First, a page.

If your household income is £16,843 or less, you'll be eligible for the highest possible grant for a student on a course of your intensity. However, if you have a household income of £26,029 or more, you won't be eligible for any Tuition Fee Grant – regardless of your course intensity.

If your household income is between the lower and upper thresholds, you'll receive a partial Tuition Fee Grant based on a sliding scale. This is down to a minimum amount of £50.

Again, those with a lower household income will receive a larger sum, so the £50 grant is given to those at the very top end of this band (students with a household income of £26,029).

Part-time Tuition Fee Grants – Scotland

You're studying for a...Maximum Tuition Fee Grant available
Publicly-funded degree level course£1,805
Eligible 120 credit, non-campus-based university course£1,820
Publicly-funded Higher National award (HNC/HND)£1,274
Course at a private provider£1,195

Unlike the rest of the UK, Scotland doesn't offer part-time students Tuition Fee Loans – it only offers Tuition Fee Grants, which don't have to be repaid.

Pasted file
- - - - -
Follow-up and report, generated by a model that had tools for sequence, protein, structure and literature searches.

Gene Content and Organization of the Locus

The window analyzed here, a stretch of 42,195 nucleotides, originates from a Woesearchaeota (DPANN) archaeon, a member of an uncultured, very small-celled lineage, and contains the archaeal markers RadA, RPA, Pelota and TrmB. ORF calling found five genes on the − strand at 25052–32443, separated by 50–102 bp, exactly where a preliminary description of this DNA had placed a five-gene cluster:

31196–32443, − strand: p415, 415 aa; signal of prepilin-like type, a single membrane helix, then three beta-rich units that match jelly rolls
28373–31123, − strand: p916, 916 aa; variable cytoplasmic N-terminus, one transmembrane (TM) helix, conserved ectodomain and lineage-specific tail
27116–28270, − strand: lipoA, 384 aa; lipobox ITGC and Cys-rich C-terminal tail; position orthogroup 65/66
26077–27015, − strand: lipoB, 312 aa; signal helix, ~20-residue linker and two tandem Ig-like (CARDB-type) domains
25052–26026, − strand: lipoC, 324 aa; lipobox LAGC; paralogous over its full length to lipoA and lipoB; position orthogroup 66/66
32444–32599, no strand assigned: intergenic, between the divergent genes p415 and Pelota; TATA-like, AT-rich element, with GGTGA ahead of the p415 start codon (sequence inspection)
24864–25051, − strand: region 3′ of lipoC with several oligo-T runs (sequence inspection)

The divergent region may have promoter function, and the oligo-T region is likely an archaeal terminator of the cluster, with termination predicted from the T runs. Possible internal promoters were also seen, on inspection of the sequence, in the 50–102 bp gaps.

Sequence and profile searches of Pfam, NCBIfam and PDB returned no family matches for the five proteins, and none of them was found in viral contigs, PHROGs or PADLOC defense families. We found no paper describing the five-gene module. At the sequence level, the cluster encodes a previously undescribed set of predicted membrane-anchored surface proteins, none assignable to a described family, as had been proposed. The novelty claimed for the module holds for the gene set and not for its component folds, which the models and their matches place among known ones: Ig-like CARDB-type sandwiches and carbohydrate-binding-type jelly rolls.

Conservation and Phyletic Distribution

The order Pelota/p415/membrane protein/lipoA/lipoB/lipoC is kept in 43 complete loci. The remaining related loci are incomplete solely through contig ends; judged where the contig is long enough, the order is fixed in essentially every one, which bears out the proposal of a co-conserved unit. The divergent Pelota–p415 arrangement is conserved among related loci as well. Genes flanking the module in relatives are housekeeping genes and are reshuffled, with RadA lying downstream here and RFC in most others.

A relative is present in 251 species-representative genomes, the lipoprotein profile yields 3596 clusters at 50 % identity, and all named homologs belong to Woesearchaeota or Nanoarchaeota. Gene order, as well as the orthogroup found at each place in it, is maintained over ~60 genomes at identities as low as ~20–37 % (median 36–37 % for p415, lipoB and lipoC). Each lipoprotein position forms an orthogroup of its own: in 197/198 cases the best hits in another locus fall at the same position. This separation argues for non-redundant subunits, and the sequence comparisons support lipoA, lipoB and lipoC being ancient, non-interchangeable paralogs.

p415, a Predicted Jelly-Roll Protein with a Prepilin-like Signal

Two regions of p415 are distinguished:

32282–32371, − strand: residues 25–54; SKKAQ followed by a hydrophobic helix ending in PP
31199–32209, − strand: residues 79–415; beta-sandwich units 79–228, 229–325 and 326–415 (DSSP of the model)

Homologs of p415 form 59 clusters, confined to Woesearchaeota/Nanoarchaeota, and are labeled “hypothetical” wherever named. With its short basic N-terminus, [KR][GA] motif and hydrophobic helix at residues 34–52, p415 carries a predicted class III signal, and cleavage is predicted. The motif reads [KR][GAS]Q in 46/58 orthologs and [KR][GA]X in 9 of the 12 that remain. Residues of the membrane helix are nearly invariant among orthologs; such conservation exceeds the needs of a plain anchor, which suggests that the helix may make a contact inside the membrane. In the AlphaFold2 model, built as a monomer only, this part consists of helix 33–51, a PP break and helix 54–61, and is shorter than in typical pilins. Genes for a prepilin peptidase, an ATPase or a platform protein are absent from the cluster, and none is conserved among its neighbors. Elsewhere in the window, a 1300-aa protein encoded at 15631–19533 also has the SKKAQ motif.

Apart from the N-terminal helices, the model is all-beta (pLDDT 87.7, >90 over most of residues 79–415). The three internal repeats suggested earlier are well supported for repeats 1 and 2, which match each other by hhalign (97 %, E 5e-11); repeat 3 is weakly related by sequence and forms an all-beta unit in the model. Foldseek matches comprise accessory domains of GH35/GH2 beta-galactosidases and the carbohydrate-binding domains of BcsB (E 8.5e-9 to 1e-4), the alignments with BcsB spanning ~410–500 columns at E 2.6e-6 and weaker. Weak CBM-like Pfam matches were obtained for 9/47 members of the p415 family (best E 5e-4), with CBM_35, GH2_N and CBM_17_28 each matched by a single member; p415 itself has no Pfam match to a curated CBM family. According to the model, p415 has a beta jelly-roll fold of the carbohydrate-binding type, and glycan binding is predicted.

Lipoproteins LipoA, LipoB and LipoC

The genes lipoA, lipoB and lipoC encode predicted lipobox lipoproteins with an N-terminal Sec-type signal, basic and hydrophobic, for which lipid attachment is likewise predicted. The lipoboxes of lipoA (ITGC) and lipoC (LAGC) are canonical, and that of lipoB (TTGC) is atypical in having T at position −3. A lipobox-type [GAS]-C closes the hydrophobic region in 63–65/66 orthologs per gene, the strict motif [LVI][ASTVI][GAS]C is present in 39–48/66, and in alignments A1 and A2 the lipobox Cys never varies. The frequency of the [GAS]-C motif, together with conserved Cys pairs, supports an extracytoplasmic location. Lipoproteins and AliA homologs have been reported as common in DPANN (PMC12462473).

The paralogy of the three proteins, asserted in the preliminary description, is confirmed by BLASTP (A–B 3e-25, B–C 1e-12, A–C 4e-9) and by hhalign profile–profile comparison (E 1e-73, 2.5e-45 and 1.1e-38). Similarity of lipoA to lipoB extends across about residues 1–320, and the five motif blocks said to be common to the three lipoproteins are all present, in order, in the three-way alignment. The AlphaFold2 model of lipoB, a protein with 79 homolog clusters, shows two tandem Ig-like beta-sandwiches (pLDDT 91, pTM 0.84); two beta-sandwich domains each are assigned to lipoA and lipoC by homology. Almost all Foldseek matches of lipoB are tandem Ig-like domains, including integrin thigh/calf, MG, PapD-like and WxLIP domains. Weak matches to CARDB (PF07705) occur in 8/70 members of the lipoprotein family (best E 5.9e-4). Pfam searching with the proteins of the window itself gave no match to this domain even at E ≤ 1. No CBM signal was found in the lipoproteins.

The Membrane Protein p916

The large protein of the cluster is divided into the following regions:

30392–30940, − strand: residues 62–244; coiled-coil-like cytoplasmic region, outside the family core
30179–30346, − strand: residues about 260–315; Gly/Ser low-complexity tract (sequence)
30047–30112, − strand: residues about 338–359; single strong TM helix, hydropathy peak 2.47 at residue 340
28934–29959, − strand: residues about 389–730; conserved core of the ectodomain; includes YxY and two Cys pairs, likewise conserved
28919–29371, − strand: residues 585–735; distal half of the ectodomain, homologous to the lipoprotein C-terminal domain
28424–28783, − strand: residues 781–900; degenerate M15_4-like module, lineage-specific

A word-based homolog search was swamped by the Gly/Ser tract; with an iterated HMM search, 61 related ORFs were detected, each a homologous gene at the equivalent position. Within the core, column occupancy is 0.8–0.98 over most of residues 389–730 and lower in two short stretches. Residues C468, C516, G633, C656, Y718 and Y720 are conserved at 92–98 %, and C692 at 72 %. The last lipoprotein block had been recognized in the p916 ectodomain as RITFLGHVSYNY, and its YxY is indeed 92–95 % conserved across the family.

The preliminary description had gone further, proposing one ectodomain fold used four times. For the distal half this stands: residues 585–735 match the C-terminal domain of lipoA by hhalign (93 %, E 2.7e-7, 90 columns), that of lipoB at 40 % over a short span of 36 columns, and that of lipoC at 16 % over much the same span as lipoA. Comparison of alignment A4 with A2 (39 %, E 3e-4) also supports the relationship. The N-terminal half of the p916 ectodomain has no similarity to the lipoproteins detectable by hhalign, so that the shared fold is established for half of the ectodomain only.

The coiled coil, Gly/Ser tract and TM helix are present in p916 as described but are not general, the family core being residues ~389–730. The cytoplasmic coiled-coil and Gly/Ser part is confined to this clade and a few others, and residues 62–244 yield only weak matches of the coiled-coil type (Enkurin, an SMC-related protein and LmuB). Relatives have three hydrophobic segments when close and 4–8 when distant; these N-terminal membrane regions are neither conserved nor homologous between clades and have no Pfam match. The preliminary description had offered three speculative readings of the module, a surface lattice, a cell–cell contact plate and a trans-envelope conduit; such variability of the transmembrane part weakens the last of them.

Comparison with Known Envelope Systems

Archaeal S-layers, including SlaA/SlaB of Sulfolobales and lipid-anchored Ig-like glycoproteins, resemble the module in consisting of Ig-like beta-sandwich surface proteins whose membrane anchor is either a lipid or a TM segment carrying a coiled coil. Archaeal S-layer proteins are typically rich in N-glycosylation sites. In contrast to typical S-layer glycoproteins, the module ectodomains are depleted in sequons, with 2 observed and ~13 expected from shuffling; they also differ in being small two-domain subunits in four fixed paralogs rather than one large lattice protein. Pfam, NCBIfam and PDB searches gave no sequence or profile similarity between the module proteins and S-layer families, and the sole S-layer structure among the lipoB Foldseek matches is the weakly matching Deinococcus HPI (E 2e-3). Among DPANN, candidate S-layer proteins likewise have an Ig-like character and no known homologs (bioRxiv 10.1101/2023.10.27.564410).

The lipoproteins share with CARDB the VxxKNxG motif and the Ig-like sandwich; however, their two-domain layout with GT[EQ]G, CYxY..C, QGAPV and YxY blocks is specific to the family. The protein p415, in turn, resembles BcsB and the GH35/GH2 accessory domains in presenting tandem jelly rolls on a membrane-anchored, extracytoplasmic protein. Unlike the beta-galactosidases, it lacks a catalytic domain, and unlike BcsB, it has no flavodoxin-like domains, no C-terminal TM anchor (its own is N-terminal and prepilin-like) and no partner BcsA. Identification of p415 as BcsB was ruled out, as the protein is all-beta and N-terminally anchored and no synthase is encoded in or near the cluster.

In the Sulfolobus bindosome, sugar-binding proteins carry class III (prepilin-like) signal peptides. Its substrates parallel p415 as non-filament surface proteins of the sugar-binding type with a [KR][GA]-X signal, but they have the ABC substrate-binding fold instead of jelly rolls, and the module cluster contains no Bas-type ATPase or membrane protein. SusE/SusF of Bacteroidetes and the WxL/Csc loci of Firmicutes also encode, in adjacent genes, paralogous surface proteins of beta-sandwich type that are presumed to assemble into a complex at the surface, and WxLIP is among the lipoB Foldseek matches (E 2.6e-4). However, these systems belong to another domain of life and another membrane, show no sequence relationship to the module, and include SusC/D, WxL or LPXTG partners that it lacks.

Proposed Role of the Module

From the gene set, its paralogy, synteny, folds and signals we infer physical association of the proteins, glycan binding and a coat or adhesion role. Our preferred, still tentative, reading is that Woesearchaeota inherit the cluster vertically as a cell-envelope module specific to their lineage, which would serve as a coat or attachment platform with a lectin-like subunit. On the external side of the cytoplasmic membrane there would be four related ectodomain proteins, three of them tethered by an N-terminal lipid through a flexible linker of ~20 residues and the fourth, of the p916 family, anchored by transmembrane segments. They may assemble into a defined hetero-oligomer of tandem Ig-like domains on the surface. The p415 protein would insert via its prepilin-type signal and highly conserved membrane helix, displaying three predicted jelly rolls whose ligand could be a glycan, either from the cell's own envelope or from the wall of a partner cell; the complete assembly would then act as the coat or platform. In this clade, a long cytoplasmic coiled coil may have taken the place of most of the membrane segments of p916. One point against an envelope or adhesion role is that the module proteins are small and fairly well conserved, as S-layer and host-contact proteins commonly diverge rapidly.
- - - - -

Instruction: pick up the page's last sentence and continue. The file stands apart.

How much you're eligible for depends on the type of course that you're studying, and how intense your studies are. The SAAS (Student Awards Agency Scotland) measures intensity by the number of credits you do each year compared to a full-time course.

To save you from needing to do the maths yourself, the SAAS provide a handy calculator on their site. All you need to do is select your qualification type and enter the number of credits you'll be doing, and the calculator will tell you the amount of Tuition Fee Grant you're eligible for. Simple as!

As tuition fees for Scottish students in Scotland are capped at £1,820/year, your part-time Tuition Fee Grant should cover the cost of your tuition in full if you study in your home region.

However, if you go to university in a different part of the UK, the tuition fees would be higher, so the grant might not be enough to cover the full fees.